At the 2020 Alzheimer Disease Conference the recommendation was to target 12 risk factors throughout life to prevent dementia later.
28 world-leading experts on Alzheimer’s disease added 3 new risk factors to the previously established 9 risk factors for dementia: excessive alcohol intake, head injury in mid-life and exposure to air pollution in later life.
In 2017 the commission originally established 9 risk factors for dementia. The commission noted that when the now 12 risk factors for dementia are taken into account by everyone, there will be a 40% reduction of dementia world-wide.
Right now, there is a divide between poorer countries (low and middle income) where 2/3 of people with dementia live. In contrast, in the US, England and France dementia cases have fallen. This is probably because of improved lifestyle changes. This demonstrates the possibility of changing the statistics of dementia by paying attention to the risk factors.
A list of the dementia risk factors
The following list is based on many studies, which determined that dementia develops following various causal factors. The experts on Alzheimer’s disease published these in the hope that people would change their lifestyles.
- Keep your systolic blood pressure below 130 above the age of 40
- Protect your ears from high noise levels and use hearing aids for hearing loss
- Reduce exposure to air pollution and to second-hand tobacco smoke
- Prevent head injuries (especially in high-risk occupations)
- Limit alcohol intake to no more than 21 units per week (1 unit of alcohol equals 10 ml or 8 grams of pure alcohol)
- Stop smoking and support others to stop smoking
- All children should have primary and secondary education
- Lead an active life in midlife and stay active later in life
- Reduce obesity and diabetes, which is linked to it
- Avoid physical inactivity
- Avoid social isolation
- Treat depression
Explanation why the dementia risk factors are detrimental to brain function
Keeping the systolic blood pressure below 130 is important to avoid hardening of the arteries with subsequent reduced blood flow to the brain. Preventing hearing loss and re-establishing hearing following hearing loss with hearing aids is important to maintain cognition. Equally important, avoiding social isolation and staying active in later life are tools to keep brain function going without loss of memory. Studies have shown that well educated people maintain brain function the longest and keep their memory as well. For this reason, it is important to provide children with primary and secondary education. Reducing exposure to air pollution and second-hand tobacco smoke as well as to stop smoking prevents cardiovascular deterioration in people. Pollution, however, translates again into reduced blood supply with less oxygen and nutrient delivery to the brain.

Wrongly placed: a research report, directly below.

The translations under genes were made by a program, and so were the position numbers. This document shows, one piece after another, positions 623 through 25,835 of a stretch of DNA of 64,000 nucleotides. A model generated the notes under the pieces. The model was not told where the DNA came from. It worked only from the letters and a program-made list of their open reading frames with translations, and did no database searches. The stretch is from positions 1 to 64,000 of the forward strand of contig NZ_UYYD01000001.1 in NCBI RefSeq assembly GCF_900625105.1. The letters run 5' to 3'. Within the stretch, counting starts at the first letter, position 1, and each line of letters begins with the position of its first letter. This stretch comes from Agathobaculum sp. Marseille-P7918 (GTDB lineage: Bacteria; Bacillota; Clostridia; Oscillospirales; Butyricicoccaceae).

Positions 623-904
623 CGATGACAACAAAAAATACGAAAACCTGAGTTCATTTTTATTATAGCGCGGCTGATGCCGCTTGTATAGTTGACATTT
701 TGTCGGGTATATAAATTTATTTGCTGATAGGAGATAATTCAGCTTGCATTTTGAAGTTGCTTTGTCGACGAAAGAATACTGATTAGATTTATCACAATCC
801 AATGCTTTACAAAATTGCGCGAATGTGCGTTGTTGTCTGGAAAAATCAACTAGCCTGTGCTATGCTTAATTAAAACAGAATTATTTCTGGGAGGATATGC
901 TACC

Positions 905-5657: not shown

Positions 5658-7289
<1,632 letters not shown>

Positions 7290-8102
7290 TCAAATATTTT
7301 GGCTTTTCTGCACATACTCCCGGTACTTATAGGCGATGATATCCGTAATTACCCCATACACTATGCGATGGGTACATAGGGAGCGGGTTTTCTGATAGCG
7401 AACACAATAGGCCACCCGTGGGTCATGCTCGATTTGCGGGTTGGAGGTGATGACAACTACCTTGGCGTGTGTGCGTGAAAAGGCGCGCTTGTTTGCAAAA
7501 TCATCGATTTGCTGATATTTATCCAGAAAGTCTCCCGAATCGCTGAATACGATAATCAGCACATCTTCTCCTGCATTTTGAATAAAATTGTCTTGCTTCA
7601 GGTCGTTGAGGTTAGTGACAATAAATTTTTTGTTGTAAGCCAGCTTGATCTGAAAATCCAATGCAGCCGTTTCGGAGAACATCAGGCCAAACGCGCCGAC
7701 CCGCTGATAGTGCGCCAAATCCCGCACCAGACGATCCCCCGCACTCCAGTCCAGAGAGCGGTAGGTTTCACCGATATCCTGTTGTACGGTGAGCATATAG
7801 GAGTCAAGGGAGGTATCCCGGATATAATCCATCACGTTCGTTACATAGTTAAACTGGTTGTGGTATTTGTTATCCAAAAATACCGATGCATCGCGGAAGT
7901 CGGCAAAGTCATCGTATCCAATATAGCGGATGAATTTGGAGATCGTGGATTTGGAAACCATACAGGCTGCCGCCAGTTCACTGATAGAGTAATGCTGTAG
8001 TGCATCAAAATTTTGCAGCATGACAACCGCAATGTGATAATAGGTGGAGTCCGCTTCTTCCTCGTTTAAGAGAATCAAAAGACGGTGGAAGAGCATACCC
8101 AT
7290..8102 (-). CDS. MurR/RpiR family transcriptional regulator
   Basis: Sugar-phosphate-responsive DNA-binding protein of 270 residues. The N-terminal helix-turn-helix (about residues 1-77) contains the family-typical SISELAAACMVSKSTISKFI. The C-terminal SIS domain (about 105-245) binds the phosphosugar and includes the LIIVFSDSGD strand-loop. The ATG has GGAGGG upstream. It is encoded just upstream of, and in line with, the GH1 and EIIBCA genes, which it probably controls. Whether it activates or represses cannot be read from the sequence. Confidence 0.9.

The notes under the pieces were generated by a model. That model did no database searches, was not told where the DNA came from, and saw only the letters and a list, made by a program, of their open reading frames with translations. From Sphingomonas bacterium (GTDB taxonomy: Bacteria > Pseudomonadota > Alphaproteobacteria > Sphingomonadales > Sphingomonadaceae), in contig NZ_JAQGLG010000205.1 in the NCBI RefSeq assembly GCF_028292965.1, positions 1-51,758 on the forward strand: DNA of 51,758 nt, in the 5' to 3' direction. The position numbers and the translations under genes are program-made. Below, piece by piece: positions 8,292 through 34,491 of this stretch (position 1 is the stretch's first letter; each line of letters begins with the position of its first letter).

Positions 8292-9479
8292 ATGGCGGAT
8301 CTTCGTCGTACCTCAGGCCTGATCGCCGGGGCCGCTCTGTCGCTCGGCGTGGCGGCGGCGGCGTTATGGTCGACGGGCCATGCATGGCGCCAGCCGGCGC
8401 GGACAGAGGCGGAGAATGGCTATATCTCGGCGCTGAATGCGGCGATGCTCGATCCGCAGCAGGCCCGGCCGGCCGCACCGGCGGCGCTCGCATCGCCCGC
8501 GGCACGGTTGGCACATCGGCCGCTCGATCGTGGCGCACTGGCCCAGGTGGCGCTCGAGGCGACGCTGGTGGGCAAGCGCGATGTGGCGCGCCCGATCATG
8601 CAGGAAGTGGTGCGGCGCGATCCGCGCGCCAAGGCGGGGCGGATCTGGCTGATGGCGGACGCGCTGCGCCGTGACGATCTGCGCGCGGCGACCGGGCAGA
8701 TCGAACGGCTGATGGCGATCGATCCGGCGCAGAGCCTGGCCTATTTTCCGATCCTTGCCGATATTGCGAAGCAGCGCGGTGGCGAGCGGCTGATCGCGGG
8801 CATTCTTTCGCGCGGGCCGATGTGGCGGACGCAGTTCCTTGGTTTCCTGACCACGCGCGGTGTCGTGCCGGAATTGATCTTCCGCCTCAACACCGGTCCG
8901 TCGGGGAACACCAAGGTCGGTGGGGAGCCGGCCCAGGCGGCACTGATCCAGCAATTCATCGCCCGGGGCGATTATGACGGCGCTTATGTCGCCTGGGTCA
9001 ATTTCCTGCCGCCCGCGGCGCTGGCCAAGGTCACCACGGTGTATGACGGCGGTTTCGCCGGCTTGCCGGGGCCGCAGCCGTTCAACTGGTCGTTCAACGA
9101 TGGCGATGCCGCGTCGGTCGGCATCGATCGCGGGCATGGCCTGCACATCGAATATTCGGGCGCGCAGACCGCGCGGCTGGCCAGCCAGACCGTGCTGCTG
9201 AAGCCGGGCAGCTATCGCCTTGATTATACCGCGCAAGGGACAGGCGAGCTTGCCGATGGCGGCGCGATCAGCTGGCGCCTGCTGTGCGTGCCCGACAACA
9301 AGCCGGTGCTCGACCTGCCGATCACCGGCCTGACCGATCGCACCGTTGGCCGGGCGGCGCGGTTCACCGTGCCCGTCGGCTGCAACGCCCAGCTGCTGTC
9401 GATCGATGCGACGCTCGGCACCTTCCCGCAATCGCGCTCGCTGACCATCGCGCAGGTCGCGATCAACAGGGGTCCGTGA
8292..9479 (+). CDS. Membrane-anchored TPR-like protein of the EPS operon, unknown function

Head injuries, alcohol abuse and lack of exercise
Researchers showed that head injuries lead to scarring of brain tissues and shrinkage of the hippocampus where the memory center is located. We have no adequate treatment for that process. The only tool physicians have is to stress the importance to prevent head injuries.
The consumption of alcoholic drinks above 21 units per week (210 ml of pure alcohol) leads to higher mortality compared to non-drinkers. Studies showed that alcohol abuse causes cardiovascular disease (heart attacks and strokes), diabetes, cancer and memory loss.
Physical inactivity, obesity, diabetes and treating depression
Physical inactivity is associated with the development of dementia. We know that a lack of regular exercise causes low levels of the beneficial subfraction of HDL cholesterol. A lack of HDL cholesterol is a cause for heart attacks and strokes. Increasing HDL with regular exercise prevents them. You can reduce obesity and diabetes by following a Mediterranean diet and by losing weight. This improves blood supply to the brain and prevents dementia. Finally, treating depression improves the outlook on life and prevents suicides. Researchers also showed that treating depression prevents dementia.
Scientists defined 12 different risk factors for developing dementia. All of these factors are associated with a higher risk to develop dementia. Dementia rates are highest in development countries. Recently statistics in the US, England and France revealed that dementia percentage in the population has significantly decreased. One of the reasons may be that people are now paying more attention to healthier lifestyles. A commission of Alzheimer’s experts recommended that people pay attention to the 12 dementia risk factors mentioned. If they do, there can be a 40% reduction of dementia world-wide. This is not that difficult to do as it involves changes towards healthy lifestyles.
Recommendations to reduce the risk of developing dementia
Recommendations are to stop smoking, to increase your exercise, eating healthy to prevent obesity and diabetes. There is also the recommendation to prevent multiple head injuries and to limit alcohol intake to less than 21 drinks per week. Have an active lifestyle, where you reduce your sitting activities. In addition, avoid social isolation and treat depression. Also, treat your blood pressure (less than 130 for the systolic blood pressure). All children should have primary and secondary education. This leads to higher mental activity until a ripe old age.